Fiegen and Ravnsborg had grown close over the 2018 campaign trail.

Fiegen also told investigators that they had spoken on another occasion after the crash, where at the time she felt that she had to keep the information confidential because her “husband did not keep things to himself and had he known any details about the crash, he would have told others.”

Later when Ravnsborg sent out a press release about the crash, all information he had told Fiegen had been included. More: Read document

Blood splatter found on Taurus

Investigators found human blood along the passenger side of the vehicle, including the rear passenger side tire, on the passenger side kick paneling and the underside of the rear bumper. The vehicle’s headlights were also deemed to be illuminated at the time of the crash.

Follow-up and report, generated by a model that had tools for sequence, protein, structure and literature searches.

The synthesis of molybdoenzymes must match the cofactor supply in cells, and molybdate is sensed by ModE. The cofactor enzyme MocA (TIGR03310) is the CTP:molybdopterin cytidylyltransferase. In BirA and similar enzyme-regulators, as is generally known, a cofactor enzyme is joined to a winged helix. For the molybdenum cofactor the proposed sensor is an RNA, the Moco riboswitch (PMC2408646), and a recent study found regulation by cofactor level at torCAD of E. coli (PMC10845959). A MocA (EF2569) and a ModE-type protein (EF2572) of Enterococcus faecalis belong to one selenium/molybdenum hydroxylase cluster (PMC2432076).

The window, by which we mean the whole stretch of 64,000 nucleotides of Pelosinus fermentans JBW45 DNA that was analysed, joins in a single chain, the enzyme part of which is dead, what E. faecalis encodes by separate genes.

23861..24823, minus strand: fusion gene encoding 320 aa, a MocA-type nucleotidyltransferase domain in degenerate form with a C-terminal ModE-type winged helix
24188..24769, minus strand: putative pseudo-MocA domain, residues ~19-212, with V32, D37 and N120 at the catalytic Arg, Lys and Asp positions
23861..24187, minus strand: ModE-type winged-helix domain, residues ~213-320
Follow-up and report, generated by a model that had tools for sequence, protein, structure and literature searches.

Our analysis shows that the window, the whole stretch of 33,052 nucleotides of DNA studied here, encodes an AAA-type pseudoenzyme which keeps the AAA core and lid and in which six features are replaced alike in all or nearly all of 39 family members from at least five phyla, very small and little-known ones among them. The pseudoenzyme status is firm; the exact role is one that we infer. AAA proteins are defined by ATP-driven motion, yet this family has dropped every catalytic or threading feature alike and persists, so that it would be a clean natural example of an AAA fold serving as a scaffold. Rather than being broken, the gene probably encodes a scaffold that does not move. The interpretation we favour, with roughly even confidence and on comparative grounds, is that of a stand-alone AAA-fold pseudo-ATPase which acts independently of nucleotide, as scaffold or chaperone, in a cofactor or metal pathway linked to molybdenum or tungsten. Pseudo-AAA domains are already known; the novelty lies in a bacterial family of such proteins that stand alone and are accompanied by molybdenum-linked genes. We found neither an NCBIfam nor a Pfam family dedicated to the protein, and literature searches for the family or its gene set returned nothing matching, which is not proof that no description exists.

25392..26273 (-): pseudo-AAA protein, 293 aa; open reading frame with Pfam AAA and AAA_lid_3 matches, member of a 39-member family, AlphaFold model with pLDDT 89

Toxicology: Ravnsborg had no drugs or alcohol in his system

According to a report filed by North Dakota investigator Arnie Rummel, a toxicology test found Ravnsborg had no drugs or alcohol in his system when the blood sample was taken on September 13, 2020, the day after the crash.

Victor Nemic, Boever’s relative, came looking for him the day after the crash

Boever’s neighbor told North Dakota law enforcement that on Sept. 13, she had just returned from a weekend camping trip when Nemic was spotted at Boever’s home. Nemic asked the neighbor if she knew where Boever was, and she told Nemic she did not. Boever and the neighbor would check on each other frequently, her testimony to law enforcement states.

At one point, a month and a half prior to the crash, the neighbor intervened when Boever “nearly drank himself to death,” her testimony states. She told police Boever was on medications for bipolar disorder, alcohol, ADHD and diabetes.